DAVE: Yeah and this is a physical separation so she's from Donetsk which is in the Donbas but it's also in the area that's been controlled by pro-Russian separatists since 2014. Uh so she stayed for two years. But eventually she moved to Kiev and since that time she's been separated physically from her family. And unfortunately her mother passed away just a couple of weeks ago. And her father is still living there in Donetsk in a Russian controlled part of the Donbas. She's able to speak with him a couple times a week. It's not easy but they're still in touch but definitely the physical disconnect that this war has wrought between her and her family has also taken quite a toll.
NIALA: And then the other toll for Kateryna is her family that's in Russia. Let's hear how that's affected her.
KATERYNA MALOFIEIEVA: None of my relatives expressed any condolences to me when I lost somebody who was the most important person for me, my mom. They didn't even dare like, send me a message and say, “Katya, we are sorry for your loss.” So I blame them for that and I blame the propaganda for this. She's in the Eastern most part of Ukraine but most of her family is across the board in Russia. The distance is not that vast but obviously in the scheme of this war it's quite a vast you know gap between the two of them and you can kind of think about you know, how many families not only are they on two different sides of the front lines but also two different lines of the information environment here right. They're getting very different narratives about who's responsible for this war. Both think that there are war criminals here but they both blame the other side right. And yeah I think we can think about Andreii’s story, Kateryna’s story and then think about how many other families are affected in similar ways across Ukraine and Russia as well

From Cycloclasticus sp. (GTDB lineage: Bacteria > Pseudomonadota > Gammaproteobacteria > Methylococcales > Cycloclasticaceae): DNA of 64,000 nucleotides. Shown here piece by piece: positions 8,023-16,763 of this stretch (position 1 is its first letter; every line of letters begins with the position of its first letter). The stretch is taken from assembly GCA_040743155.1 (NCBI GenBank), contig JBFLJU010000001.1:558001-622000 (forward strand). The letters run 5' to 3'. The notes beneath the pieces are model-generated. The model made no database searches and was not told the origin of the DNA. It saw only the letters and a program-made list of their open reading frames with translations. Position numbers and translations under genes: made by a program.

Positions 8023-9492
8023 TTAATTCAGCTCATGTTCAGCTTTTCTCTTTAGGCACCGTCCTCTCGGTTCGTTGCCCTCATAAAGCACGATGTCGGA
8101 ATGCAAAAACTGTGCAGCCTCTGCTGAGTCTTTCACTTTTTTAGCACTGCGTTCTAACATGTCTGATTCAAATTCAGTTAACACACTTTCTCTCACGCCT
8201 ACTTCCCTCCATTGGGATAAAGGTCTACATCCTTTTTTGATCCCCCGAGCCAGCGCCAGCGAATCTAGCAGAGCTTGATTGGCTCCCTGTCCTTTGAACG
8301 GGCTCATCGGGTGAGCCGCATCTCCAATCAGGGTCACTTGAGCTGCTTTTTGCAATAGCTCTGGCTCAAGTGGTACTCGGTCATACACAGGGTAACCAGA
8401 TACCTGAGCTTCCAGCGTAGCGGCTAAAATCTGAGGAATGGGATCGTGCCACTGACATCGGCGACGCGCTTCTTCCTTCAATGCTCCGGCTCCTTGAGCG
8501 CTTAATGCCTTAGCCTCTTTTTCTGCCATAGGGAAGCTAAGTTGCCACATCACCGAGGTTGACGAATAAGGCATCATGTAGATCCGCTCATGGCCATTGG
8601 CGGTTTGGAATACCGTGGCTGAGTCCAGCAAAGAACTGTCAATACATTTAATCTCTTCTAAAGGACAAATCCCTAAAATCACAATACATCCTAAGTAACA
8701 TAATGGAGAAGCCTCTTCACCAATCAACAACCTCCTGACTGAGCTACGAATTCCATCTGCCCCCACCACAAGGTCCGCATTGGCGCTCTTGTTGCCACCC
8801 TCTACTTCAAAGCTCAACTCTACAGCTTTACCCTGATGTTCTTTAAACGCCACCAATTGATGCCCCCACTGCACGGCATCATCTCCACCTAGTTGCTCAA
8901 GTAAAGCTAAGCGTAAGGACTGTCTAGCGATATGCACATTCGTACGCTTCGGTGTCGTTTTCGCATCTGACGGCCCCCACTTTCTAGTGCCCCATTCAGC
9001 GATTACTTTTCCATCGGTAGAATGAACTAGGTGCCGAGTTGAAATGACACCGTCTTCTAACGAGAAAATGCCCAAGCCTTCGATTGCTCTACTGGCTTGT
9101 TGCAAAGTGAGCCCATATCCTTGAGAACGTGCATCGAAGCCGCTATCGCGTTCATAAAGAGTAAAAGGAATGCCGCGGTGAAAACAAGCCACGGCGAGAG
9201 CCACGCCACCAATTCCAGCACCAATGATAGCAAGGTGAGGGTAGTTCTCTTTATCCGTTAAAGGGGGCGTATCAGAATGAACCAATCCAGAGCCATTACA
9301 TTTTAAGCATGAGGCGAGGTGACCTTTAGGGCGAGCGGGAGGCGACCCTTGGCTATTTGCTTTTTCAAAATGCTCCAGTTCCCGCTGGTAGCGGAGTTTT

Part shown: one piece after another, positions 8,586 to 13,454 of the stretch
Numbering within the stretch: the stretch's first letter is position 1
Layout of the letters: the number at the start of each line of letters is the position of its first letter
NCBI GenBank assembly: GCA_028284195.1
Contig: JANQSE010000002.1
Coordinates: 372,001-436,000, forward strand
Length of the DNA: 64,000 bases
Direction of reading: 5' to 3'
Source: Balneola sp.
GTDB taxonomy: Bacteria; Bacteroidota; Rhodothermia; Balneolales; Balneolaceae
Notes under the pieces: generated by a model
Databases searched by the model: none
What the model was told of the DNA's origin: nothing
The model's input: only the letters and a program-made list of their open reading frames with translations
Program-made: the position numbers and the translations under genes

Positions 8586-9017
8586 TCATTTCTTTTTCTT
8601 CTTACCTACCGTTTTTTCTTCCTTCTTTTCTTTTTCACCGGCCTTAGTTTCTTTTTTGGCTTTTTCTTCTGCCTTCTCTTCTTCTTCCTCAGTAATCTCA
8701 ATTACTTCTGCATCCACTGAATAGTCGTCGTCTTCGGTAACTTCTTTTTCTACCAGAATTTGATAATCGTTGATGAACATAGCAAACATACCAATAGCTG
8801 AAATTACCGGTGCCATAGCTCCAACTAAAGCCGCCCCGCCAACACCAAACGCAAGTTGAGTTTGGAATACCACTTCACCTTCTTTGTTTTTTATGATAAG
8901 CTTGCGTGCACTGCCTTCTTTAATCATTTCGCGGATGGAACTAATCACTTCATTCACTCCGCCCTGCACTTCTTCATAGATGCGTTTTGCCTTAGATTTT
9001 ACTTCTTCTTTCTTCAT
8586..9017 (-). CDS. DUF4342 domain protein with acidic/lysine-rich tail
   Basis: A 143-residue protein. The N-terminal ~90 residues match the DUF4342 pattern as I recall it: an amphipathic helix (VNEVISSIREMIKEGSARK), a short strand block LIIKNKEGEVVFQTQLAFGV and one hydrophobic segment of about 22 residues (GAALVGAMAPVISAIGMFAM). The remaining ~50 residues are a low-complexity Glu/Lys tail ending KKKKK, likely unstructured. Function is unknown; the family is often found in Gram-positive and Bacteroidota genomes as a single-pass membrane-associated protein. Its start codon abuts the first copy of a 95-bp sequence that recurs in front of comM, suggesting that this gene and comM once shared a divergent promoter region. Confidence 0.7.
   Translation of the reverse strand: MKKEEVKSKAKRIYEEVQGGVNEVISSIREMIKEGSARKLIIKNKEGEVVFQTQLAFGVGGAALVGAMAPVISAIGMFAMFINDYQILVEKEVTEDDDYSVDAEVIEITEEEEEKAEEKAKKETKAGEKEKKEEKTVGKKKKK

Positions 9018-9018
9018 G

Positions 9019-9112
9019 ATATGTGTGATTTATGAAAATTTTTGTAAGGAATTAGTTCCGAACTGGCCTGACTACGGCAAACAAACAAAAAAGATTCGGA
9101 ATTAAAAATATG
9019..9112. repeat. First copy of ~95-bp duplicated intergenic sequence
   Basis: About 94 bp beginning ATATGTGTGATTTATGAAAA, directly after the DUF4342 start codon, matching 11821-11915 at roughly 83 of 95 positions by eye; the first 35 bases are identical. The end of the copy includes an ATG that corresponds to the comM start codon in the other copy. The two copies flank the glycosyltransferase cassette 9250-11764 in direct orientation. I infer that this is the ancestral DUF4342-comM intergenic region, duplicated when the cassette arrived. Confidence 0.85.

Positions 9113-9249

NIALA: Dave Lawler is the world editor for Axios and he's hosted this season of How it Happened. He and Naomi Shavin did the reporting for this latest episode. It’s called The Fight for the Donbas and you can find it wherever you get your podcasts. Thanks Dave.
DAVE: Thanks Niala.
In a moment, we’re back with the latest on the real estate market in the U.S.
NIALA: Welcome back to Axios Today! I’m Niala Boodhoo. An economy story you may have missed last week: confidence among homebuilders is almost at a two year low. Why does that matter? It’s another sign of the real estate market cooling as mortgage rates rise. Axios’ Matt Phillips writes the daily markets newsletter and is here with me in Washington, D.C. to talk about this. Hey Matt.
MATT PHILLIPS: Hi.
NIALA: First, can you explain what home builder sentiment looks like now?